Sunday, March 28, 2021 at 12:37 pm

    116 dead on military parade day, those cowards shot the defenceless in the head,some countries sent representatives,they must have heard the gun shots and will be on their conscience for the rest of their existence shame on them

  5. Avatar

    Issan John

    Sunday, March 28, 2021 at 1:59 pm

    Unusual for Russia to be quite so open … unless they’re taking sides and trying to replace Chinese influence in the area.

  6. Avatar

    Issan John

    Sunday, March 28, 2021 at 4:15 pm

    Evidently not only Russia, after all – as reported elsewhere, China, India, Pakistan, Bangladesh, Vietnam, Laos and Thailand sent their military attaches.

  7. Avatar

    Alexandra

    Wednesday, March 31, 2021 at 5:52 am

    Myanmar government murders hundreds of their own civilians. And have a parade. And Russia attends. Yup, sounds about right.

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Ann Carter is an award-winning journalist from the United States with over 12 years experience in print and broadcast news. Her work has been featured in America, China and Thailand as she has worked internationally at major news stations as a writer and producer. Carter graduated from the Walter Williams Missouri School of Journalism in the USA.

Thailand

Is spraying disinfectant on the Thai-Burmese border effective?

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Is spraying disinfectant on the Thai-Burmese border effective? | Thaiger
FILE PHOTO: Spraying disinfectant has been effective in the community but controversial in forested refugee camps.

Some controversy exists over the Royal Thai Army attempting to sterilize areas of the Thailand-Myanmar border by spraying disinfectant along the border region. The army sprayed areas set up as a temporary holding facility for many Burmese refugees. The move drew condemnation from critics who claimed the disinfectant was not effective and not worth the expense of implementation. A spokesperson for the Royal Thai Army responded to social media ire justifying the action.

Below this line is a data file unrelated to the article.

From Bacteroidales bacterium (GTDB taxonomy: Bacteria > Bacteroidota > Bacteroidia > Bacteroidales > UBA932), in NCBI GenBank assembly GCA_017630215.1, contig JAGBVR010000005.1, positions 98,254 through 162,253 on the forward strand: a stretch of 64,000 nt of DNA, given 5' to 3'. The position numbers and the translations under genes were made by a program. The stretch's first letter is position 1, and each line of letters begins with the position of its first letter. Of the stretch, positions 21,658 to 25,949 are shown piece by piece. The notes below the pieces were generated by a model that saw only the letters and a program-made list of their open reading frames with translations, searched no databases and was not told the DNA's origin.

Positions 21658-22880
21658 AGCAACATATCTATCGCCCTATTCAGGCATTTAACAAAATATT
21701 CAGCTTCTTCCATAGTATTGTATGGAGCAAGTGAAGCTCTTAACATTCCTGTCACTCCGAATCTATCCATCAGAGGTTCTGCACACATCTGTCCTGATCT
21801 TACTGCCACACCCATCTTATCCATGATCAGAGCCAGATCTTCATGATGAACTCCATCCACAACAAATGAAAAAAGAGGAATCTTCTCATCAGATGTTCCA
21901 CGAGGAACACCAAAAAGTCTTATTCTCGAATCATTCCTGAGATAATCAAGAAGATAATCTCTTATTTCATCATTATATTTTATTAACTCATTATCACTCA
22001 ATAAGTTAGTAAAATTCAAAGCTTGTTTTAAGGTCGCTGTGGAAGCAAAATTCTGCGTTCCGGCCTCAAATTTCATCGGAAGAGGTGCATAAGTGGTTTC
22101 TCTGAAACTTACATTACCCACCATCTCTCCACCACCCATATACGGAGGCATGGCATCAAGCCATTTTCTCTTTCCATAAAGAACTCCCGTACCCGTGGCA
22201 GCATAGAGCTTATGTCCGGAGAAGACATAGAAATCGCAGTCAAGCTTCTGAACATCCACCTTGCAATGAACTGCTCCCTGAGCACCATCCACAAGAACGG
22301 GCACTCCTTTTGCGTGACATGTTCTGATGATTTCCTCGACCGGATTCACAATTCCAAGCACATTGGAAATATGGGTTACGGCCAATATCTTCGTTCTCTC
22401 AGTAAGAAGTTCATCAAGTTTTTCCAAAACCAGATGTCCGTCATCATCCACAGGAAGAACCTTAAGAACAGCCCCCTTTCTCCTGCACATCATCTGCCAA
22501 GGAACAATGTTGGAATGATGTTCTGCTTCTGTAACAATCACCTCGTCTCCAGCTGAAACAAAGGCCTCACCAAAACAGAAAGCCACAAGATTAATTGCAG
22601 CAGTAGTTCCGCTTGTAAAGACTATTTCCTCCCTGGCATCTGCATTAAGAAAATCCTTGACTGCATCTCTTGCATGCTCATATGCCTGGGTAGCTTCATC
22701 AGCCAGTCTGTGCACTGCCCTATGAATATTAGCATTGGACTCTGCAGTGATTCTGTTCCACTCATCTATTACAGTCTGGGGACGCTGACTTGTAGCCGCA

The spraying was done after the Burmese refugees had returned across the border to Myanmar, after fleeing temporarily to escape the escalating humanitarian crisis following the February 1 military coup. After the refugees left, disinfectant was sprayed around the area in compliance with Public Health directives designed to slow the Covid-19 spread and maintain safety. The disinfectant was intended to kill any possibly contagious remaining virus or disease in the area.

The spokesperson said the military used existing government equipment they requested from the Ministry of Public Health to efficiently disinfect the area. She asserted that the spraying was not just to help local people, but also to reassure them that it was safe to return to their daily lives in the area, to go to work or do farming, without fear of becoming infected with Covid-19.

While the response online to the spraying disinfectant scheme is still generally negative, it’s worth noting that the same spraying has been used to effectively sterilize 162 schools and 268 other areas since January. The spray is a safety precaution to minimize the spread of Covid-19 and has been used throughout communities in places like bus terminals, marketplaces, temples and other places where people tend to gather.